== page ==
Do you cry before a character in the movie does like me? Are you someone who needs a quiet night alone every day? You probably are a highly sensitive person (HSP). 

I first heard about HSP from one of my friends when discussing how we get stimulated easily. We found that both require a long time and vast amounts of energy to digest feelings and emotions. We felt outcasted by our complex inner thoughts. Also, we had lower self-esteem because we were told that we “think too much” most of the time. She then introduced me to the HSP concept and HSP researcher Elaine Aron, to equip ourselves with the knowledge of managing the overwhelmed information that stimulated us. 

What is HSP?

HSPs are those who have more profound nervous system sensitivity (Scott, 2020). In simpler words, they process stimuli, either physical, emotional or social stimuli, on a deeper level and with higher sensitivity compared to the others. HSP occupied 15% to 20% of the world population (Scott, 2020). It is now a medical or clinical subscribed illness like depression or anxiety. Nevertheless, the HSP group has been recognised worldwide, and many countries have paid more attention to this group of people. 

The Traits

I have a strong empathy

HSP has higher empathy as their mirror neurons in the brain are many times more active when stimulated. I am someone who likes art, music and landscape and can connect with them easily. I could be touched in seconds and cried when watching an art piece or a documentary or listening to a song. When I am stimulated by the works, there are images in my mind, asking myself: What am I feeling now? I would go further and deeper in my thinking to make me think from different angles. Having strong empathy has pros and cons. One of the major cons is that I feel emotionally exhausted frequently.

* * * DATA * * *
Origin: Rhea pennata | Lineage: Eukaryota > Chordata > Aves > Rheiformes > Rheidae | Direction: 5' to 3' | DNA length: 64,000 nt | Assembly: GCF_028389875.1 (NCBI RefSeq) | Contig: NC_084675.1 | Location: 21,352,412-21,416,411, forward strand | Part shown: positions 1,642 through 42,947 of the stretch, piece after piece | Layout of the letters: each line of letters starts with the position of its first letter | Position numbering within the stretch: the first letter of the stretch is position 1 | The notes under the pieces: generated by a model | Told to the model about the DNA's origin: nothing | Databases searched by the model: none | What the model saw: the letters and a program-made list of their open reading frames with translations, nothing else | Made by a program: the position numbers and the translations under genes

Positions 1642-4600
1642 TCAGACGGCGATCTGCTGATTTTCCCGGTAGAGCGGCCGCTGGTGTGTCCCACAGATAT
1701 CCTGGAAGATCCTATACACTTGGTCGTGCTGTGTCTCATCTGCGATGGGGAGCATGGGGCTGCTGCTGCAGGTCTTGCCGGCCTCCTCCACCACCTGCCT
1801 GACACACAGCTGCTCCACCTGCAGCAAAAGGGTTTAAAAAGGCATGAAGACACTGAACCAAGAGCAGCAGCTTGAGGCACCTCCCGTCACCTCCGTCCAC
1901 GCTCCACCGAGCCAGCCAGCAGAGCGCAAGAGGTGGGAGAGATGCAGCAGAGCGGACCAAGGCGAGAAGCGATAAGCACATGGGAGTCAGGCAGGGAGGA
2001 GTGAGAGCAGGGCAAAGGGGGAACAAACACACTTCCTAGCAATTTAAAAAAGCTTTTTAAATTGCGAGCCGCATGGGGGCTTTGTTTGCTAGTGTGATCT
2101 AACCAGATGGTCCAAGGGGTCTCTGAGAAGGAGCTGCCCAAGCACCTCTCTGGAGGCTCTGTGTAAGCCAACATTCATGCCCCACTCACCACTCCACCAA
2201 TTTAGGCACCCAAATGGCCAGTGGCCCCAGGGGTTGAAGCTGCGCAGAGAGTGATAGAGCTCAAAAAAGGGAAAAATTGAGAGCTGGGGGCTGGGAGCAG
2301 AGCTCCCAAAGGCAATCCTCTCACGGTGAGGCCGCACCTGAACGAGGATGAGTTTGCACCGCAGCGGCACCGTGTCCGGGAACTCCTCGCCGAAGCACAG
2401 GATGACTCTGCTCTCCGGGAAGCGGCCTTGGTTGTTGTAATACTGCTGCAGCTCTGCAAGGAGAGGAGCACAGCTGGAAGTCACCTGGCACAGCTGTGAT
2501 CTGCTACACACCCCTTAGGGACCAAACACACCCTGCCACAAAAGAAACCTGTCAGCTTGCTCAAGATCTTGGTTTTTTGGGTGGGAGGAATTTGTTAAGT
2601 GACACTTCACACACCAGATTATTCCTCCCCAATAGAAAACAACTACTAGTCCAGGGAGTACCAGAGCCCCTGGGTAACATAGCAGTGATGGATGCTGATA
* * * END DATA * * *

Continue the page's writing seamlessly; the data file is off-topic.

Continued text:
I feel emotionally exhausted frequently

When I was younger, I had always thought that I managed my emotions well. However, I found out that I was not aware and recognised what I had been feeling. I was ignorant, and I was storing too many negative emotions inside me. In addition, I did not notice that I was accepting an overload of emotions and information from others because of empathy. A few sensitive words or sentences from others could affect my whole day or years. The stored emotions and absorbed information drain my energy quickly. Hence, I do not like places with many people where there are many stimulants. Besides, I often avoid watching sad, miserable and violent scenes and news to prevent overstimulation. 

Throughout the years, I have learned to channel negative emotions out of my mind and body. So, I have enough energy to absorb emotions that could positively impact me mentally and physically. Also, I have to learn to create space for myself to restore. 

I need to have my own private space and time to withdraw from stimulants

Since young, I always feel that I am a weird person who loves to be alone so much. I do not like attention while working. Furthermore, I need to have at least two to three hours of alone time before sleep. I value private space and time a lot. After reading about HSP, I realised that it might be because my brain and body are creating a protective mechanism to restore me and regenerate. The mechanism distances me from overstimulation. During my alone time, my productivity increased, and my creativity flowed. It is also the time my brain works amazingly in reflection and mindfulness. 

So, am I an HSP? That remains a question. The outcome of my self-test shows that I am one of the 20% population. While most significantly, I have realised the factors that lead to my behaviours and my mind need to restore. Today, I am still learning how to regulate my emotions and turn empathy into my strength. I have stopped thinking that people do not understand my sensitivity. Instead, I see that turning my sensitivity and empathy into motivation and inspiration would be a better solution for my inner peace.

Watch the video below to know other traits of HSP

To know if you are an HSP, click here for a self-test.

Reference:

  1. Scott, E. (2020). Highly Sensitive Person Traits That Create More Stress. Retrieved from https://www.verywellmind.com/highly-sensitive-persons-traits-that-create-more-stress-4126393#what-is-a-highly-sensitive-person-hsp

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